Proposed Law Saves Internet User Data
In the most recent effort to thwart child predators online, both the U.S. House and Senate are considering bills that would require any Internet access provider -- possibly including public Wi-Fi hotspots -- to retain Internet user data for up to two years.
The bills, S.436 in the Senate and H.R.1076 in the House, are both titled "Internet Stopping Adults Facilitating the Exploitation of Today's Youth Act of 2009" or the "SAFETY Act" and state that "a provider of an electronic communication service or remote computing service shall retain for a period of at least two years all records or other information pertaining to the identity of a user of a temporarily assigned network address the service assigns to that user."
What that means is that every coffee shop, hotel, office building, airport, or any other location that provides Internet service would be required to hold onto the access data of every person that used that hotspot or hard-wired connection for up to two years. Of course, this also applies to all the big Internet service providers like Comcast and AT&T, but they have the database resources to keep that information, resources that your average independent coffee shop probably lacks. Starbucks cuts deals with major ISPs like T-Mobile and AT&T, so presumably those services would store the surfing history.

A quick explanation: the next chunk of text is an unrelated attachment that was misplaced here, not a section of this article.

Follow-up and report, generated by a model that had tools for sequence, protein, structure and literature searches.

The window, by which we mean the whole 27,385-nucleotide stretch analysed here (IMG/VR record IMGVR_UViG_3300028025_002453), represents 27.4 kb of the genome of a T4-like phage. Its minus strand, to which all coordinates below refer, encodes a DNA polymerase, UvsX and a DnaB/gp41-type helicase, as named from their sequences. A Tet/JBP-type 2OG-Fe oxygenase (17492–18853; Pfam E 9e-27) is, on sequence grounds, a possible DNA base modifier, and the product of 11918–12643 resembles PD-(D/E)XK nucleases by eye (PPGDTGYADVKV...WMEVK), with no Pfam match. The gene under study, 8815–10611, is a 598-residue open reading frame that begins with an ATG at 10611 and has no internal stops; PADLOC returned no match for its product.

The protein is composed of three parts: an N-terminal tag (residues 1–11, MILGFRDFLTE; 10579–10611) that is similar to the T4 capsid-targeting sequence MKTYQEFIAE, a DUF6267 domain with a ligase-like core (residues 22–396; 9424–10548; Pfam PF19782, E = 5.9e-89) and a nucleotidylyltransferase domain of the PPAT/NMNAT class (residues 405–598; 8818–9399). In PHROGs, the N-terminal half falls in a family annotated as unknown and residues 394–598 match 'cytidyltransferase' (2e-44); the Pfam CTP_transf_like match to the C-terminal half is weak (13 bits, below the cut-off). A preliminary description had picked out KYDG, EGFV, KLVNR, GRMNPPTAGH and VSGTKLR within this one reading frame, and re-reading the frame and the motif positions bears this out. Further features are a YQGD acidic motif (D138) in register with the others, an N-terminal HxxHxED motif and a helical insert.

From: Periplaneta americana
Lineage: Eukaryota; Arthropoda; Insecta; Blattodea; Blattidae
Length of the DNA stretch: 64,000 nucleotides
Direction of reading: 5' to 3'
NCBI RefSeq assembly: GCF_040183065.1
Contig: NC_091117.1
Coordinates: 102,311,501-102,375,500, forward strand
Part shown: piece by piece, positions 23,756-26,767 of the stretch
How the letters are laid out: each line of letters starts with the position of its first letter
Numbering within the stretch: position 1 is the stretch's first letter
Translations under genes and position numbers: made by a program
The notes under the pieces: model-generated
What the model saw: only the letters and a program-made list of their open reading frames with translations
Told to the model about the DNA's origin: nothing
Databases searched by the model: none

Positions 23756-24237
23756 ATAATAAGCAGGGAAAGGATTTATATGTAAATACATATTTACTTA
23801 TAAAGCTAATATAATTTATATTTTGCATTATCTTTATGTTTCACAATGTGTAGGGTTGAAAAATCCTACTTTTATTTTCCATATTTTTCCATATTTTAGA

No one is defending child predators, but obviously a big issue with this bill is the matter of privacy. True, ISPs and public access points will only be retaining Internet access data, but this presents a very slippery slope as to what can be done with that data. I can see this bill easily snowballing into larger issues jeopardizing Net Neutrality.
But what I wonder most about is the effectiveness of this bill. It seems to me all that will be retained is the identity of who was using a dynamic IP address at a particular time. The bill is ambiguous enough that it may not include any information about that person's activity, which seems to me a crucial part of determining whether someone is engaging in illegal activities. So ISPs and hotspots will be keeping a detailed record of who is using the Internet and when, but what that person is doing, potentially the most important part, is left out.
Come on, if the government is going to invade our privacy to stop sexual predators, I'd at least like them to do so in a more productive way.